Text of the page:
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Red: The Adventurous Sequence

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Catalog Number: POCH-2205
Released On: March 25, 1993
Composed By: Tenpei Sato
Arranged By: Tenpei Sato
Published By: Polydor
Recorded At: Unknown
Format: 1 CD
Tracklist:

01 - LaGrange Point
02 - Big Blue
03 - Grey Time
04 - Tears of Eos
05 - Movin' On
06 - Darkwalk
07 - Blast!
08 - Yes, No
09 - Around the Clock
10 - Death and Resurrection
11 - Overdrive
12 - Snowbird Fantasy
13 - Ready to Space
Total Time:
54'03"

As Patrick's wife, I've learned that a few situations will almost always make Patrick a happier man: playing with our son, makin' a home-cooked meal, engaging in conversation, and listening to videogame music. I've embraced this part of life, but when it comes to the videogame music, I do so with hesitation. After all, I didn't grow up playing RPGs, nor do I have a strong musical ear. But...I thought I'd give it a try. I went one step beyond just listening and decided to start writing. Recently, I chose Red: The Adventurous Sequence, first printed in March of 1993. It is composed by Tenpei Sato, well known for his work on NIS's Phantom Brave and Disgaea.

I must add that the first twenty years of my life, I was quite naïve to practically all things having to do with videogames. I mistakenly clumped all videogame music into the same genre. It has only been in the last few years that my ears have been opened to the uniqueness and beauty that many soundtracks have to offer.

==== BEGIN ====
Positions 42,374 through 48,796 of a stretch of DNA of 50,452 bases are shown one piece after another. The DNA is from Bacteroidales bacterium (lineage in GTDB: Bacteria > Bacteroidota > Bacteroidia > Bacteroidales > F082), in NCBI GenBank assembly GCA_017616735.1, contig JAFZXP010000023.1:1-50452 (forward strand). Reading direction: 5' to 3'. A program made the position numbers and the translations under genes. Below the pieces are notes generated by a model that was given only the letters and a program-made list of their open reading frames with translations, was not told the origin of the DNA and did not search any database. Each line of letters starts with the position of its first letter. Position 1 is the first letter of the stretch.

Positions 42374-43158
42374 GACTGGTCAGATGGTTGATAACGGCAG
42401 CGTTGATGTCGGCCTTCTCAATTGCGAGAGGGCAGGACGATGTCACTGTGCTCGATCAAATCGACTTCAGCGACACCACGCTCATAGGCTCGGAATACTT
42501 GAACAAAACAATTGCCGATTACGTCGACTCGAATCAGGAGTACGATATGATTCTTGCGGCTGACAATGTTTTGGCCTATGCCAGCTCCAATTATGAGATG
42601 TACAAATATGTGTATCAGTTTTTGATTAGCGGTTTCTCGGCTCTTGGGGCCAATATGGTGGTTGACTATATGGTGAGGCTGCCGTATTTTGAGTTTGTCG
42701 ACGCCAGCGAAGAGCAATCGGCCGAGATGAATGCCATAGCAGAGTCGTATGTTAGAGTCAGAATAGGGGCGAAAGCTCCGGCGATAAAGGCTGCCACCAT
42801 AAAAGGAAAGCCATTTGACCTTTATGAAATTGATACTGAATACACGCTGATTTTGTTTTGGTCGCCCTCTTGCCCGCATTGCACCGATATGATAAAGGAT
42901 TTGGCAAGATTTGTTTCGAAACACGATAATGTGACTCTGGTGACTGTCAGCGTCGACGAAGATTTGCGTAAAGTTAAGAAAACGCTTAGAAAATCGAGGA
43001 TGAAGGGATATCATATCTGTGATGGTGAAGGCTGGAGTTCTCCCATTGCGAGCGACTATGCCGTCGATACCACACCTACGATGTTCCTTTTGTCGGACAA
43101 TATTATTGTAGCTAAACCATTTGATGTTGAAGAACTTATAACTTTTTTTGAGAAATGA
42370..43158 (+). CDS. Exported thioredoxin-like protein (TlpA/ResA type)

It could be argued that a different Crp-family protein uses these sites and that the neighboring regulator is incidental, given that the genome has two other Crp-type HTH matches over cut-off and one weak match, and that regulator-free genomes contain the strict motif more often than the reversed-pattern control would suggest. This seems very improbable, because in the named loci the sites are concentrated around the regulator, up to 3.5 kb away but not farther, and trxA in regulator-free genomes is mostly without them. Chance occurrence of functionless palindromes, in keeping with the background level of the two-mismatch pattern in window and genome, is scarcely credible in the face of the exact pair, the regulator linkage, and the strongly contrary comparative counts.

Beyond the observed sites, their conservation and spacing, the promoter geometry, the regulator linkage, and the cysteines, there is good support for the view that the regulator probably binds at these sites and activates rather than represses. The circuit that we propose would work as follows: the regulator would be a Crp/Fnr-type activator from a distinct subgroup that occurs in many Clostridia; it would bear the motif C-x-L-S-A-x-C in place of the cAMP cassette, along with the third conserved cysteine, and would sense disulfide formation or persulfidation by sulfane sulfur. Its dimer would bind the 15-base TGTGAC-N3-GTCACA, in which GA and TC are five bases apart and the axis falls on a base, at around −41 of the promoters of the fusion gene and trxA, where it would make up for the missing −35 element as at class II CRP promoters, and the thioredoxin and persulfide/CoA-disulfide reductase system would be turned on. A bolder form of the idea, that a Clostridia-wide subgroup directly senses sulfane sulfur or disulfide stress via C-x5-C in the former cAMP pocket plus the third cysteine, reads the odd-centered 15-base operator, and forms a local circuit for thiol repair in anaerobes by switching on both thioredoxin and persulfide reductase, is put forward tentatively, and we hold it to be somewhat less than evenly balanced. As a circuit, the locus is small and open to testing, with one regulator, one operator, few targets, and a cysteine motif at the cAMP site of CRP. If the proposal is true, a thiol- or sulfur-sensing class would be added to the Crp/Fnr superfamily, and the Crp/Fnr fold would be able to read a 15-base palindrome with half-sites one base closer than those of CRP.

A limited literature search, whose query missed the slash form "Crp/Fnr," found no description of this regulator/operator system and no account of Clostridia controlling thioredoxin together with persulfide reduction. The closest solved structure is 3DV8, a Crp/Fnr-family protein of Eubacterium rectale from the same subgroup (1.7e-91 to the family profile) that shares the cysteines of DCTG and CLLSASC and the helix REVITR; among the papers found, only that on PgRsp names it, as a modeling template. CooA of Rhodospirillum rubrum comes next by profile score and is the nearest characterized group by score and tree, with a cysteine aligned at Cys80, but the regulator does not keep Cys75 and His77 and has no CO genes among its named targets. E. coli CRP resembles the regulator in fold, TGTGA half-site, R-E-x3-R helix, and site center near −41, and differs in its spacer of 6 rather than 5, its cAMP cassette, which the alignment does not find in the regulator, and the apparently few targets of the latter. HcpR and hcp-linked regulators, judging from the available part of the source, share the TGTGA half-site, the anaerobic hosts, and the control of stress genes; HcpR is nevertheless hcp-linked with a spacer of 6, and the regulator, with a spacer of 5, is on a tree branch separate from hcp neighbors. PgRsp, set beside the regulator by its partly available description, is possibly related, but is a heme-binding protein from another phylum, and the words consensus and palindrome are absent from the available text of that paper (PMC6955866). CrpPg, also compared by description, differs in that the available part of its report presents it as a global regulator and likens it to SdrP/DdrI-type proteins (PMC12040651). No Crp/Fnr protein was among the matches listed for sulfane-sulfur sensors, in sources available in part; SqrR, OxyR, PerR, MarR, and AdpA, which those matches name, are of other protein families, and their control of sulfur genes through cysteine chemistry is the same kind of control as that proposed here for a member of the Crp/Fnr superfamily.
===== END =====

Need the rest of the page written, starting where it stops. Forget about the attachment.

It was to my delight that I found something to appreciate in Red: The Adventurous Sequence. My initial reaction to the album overall was that it feels much like a musical drama. This comes as a positive and negative. I enjoyed how the music had the potential to evoke a reaction, whether it be soothing, light-hearted or intense. However, I must also comment on the drama segments found throughout Red. It didn't bother me at first; in fact, it added to the screenplay-like awareness. That is...until the dialogue between a man and an intended little girl put a bad taste in my mouth. Could her voice be more annoying? My husband assures me that yes, it could. Nonetheless, it ruined the dialogue for me.

A solid mix of contemporary and sensual tunes, this album stand outs for its variety. Among the mix, I particularly delighted in the sleek, dare I say, seductive, use of the saxophone. The slower, jazzier melodies are a nice change of pace to the album's upbeat tone.

All in all, I was quite impressed. Not an album I'd listen to everyday, but certainly decent and worth checking out.

Reviewed by: Jennifer Gann



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